(Reuters) - A federal judge on Wednesday threw out the evidence against a Massachusetts man charged as part of an FBI investigation in which it secretly ran one of the largest child pornography websites on the Internet in order to catch its users.
The ruling by U.S. District Judge William Young in Boston marked a potentially major setback to a probe that has resulted in at least 137 people being charged in the United States and prompted overseas investigations.
Young ruled that a Virginia-based federal magistrate judge had no jurisdiction to issue a search warrant used to justify gathering evidence on Alex Levin, of Norwood, Massachusetts.
“It follows that the resulting search was conducted as though there were no warrant at all,” Young wrote. “Since warrantless searches are presumptively unreasonable, and the good-faith exception is inapplicable, the evidence must be excluded.”
A Justice Department spokesman declined to comment. Lawyers for Levin, who was arrested for possession of child pornography in August, did not respond to requests for comment.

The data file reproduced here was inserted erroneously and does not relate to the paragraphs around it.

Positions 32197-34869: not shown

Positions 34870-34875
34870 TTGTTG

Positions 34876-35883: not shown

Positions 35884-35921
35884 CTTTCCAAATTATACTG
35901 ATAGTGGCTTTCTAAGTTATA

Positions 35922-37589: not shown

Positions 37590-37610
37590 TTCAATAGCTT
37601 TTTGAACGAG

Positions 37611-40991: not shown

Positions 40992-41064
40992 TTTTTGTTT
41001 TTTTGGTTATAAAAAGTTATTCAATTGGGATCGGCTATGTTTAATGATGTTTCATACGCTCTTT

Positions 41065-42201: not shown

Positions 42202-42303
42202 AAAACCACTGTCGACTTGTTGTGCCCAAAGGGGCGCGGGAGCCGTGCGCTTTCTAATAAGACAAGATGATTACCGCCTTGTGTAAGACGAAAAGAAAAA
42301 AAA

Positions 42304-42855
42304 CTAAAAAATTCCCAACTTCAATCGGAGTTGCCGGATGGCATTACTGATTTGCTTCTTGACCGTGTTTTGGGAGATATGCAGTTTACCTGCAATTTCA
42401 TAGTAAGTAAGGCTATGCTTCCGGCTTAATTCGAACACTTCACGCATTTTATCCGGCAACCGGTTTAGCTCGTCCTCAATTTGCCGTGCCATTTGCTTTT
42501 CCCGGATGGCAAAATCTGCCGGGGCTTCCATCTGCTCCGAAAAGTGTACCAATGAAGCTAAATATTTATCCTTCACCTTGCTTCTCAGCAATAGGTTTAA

In February 2015, the Federal Bureau of Investigation seized the server hosting Playpen, a child porn website operating on the Tor network, which is designed to facilitate anonymous online communication and protect user privacy.
In order to identify its 214,898 members, authorities sought a search warrant from the Virginia judge allowing them to deploy a “network investigative technique.”
That technique, or malware, would cause a user’s computer to send them data any time that user logged onto the website while the FBI operated it for two weeks.
Critics of the investigation have questioned the ethics of the FBI’s decision to effectively become a child pornography distributor itself to catch potential offenders, even if briefly.
In his ruling, Young said he expressed no opinion on the FBI’s tactic.
But he said the probe differed from undercover stings where the government buys drugs to catch the dealers, saying it was instead “something akin to the government itself selling drugs to make the sting.”
His ruling instead focused on jurisdictional issues. Levin’s lawyers said the Virginia judge behind the warrant that allowed the FBI to transmit computer code to the website’s users had no authority to authorize searching Levin’s out-of-state computer.
Prosecutors argued that the warrant properly authorized the search as the server was in Virginia. But Young said that was “immaterial, since it is not the server itself from which the relevant information was sought.”
Reporting by Nate Raymond in New York; Editing by Simon Cameron-Moore